“Right,” he drew out the singular word with a scoff. “You know, if I’d honestly wanted to ditch your spies, I would’ve. And you’d never find me. I chose to stay. I chose to be protected. I chose family. I have always chosen family. And I always will.” With each exaggerated word, he jabbed my chest with a finger for punctuation. “What I wanted to show you is in there.” He motioned toward the grove he’d vomited in front of as he went to stalk by me, headed back toward the festivities.

“Where do you think you’re going?” I asked, wrapping my arms around his torso, pinning his arms from behind; that was for my own protection as I recalled the jab to the sternum. I may have cooled off some at his speech, but I definitely wasn’t going to let him walk back alone.

I could feel him relent a little, his head falling back to my chest. He was looking up, but not at me, at the stars visible through the trees. “Asshole,” he whispered. I chuckled, giving a quick squeeze before letting him go.

I grabbed his hand and turned to head to the grove he’d said he’d wanted to show me only to stop dead as I saw Alex on the ground. He coughed, groaning as he moved to push himself off the ground.

“Alex, you alright?” I withdrew my pistol and pushed Keelan until his back was to one of the grove’s trees as I scanned the our surroundings for Murrell. Nothing.

“Ugh,” he coughed again, “I think so.” His voice sounded a little hoarse. He pushed himself up enough that he was on one knee with the other foot flat on the ground in front of him as he looked around. “That son-of-a-witch choked me out. Well, at least he can’t change while- Fuck.” He pulled my cuffs from the ground beside him. They looked scorched, the runes melted on the metal. “How the fuck did he do that?”

The handcuffs were the most expensive pieces of standard equipment our station had. As a shifter reservation, we needed something that could be used on individuals who could just shift to get our of human restraints more than anything else. Destruction of city property, yet another charge to add to his already extensive list.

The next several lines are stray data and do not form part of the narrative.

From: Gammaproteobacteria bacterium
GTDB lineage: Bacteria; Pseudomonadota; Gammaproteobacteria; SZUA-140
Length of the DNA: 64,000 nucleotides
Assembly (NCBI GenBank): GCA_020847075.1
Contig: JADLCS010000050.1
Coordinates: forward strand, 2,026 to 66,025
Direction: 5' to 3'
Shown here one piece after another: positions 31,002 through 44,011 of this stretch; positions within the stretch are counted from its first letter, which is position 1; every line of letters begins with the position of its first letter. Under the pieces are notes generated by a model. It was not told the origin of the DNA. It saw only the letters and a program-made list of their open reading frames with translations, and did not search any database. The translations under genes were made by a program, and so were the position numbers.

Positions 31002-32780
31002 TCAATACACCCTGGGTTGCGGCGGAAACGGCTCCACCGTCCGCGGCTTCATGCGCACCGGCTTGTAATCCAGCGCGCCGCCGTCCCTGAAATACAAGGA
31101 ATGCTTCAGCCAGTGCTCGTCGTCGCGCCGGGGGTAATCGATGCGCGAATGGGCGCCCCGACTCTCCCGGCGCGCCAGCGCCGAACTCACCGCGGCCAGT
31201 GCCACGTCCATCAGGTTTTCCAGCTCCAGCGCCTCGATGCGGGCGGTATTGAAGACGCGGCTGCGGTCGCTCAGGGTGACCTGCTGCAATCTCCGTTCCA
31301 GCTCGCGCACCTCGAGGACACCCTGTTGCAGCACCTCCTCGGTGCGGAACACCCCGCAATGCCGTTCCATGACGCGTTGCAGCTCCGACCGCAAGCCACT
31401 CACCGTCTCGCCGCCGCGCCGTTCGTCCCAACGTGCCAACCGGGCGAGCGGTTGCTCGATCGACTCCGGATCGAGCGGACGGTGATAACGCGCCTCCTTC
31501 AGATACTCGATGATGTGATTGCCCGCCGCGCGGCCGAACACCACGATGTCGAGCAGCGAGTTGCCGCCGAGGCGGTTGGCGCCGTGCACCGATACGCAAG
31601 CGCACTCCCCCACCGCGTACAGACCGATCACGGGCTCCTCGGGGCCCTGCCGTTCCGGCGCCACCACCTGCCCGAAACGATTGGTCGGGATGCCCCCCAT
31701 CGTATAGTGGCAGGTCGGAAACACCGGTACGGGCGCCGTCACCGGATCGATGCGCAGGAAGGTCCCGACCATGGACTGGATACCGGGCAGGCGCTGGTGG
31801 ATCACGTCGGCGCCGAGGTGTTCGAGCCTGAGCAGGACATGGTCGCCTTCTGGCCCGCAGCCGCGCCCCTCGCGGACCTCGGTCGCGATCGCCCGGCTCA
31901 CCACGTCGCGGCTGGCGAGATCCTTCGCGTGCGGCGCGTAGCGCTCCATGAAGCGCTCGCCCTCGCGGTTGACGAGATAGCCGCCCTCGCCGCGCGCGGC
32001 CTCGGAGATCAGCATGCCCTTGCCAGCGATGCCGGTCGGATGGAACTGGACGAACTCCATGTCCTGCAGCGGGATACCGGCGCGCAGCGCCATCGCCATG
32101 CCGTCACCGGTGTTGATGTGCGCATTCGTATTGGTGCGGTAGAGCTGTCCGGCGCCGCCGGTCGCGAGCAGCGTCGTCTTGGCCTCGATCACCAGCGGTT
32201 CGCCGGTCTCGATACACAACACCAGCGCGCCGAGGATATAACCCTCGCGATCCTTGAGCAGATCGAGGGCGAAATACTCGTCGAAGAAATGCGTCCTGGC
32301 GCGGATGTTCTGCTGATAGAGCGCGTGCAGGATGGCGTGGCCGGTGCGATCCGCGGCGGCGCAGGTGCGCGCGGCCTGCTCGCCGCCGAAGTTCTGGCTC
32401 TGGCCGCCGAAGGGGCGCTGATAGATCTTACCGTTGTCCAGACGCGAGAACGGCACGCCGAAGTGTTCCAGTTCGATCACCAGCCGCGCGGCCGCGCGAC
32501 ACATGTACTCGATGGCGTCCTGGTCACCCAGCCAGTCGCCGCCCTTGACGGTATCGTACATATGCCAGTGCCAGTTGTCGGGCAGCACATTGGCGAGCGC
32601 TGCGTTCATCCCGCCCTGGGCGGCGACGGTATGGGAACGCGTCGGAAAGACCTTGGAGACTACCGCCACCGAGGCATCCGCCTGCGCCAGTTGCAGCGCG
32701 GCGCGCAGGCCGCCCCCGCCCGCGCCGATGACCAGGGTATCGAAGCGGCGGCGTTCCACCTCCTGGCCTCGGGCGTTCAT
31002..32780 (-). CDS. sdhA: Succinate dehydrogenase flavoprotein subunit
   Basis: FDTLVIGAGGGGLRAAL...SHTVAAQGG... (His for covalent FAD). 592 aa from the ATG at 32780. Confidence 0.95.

“Keelan, you know anything about this?” He seemed to know more about Murrell than he should. I looked back when he didn’t immediately respond. He was leaning against the tree where I’d put him, his head leaning back against the bark, eyes closed and mouth twisted slightly as he rubbed his stomach. It felt like my rib-cage might’ve grown a little smaller. “Keelan? You alright?”

He cracked an eye wearily. “Stress and morning sickness aren’t exactly soothing on a stomach individually, let alone together.”

“Wait, what?” It took my brain a second to catch up with my ears. “Are you saying what I think you’re saying?”

“Yep.” His lips tilted up a little, wanly. “You’re gonna be a patriarch.”

And with those five words, my world transmogrified. It wasn’t as if it was wholly unexpected, but he’d gone the hospital a couple weeks ago and hadn’t called me. I’d thought that meant he wasn’t pregnant. I mean, you’d tell someone so world changing as that as soon as possible, right? I suppose I hadn’t exactly tried talk to him either. I’d thought he’d wanted space.

“Congrats, guys,” Alex croaked, finally standing with his own gun out as he scanned the perimeter, “but can we focus here? We’re not out of the woods yet. Pun intended,” he added with a not-quite-feral grin. I could see a slight discoloration on his neck where I guessed he’d been choked out.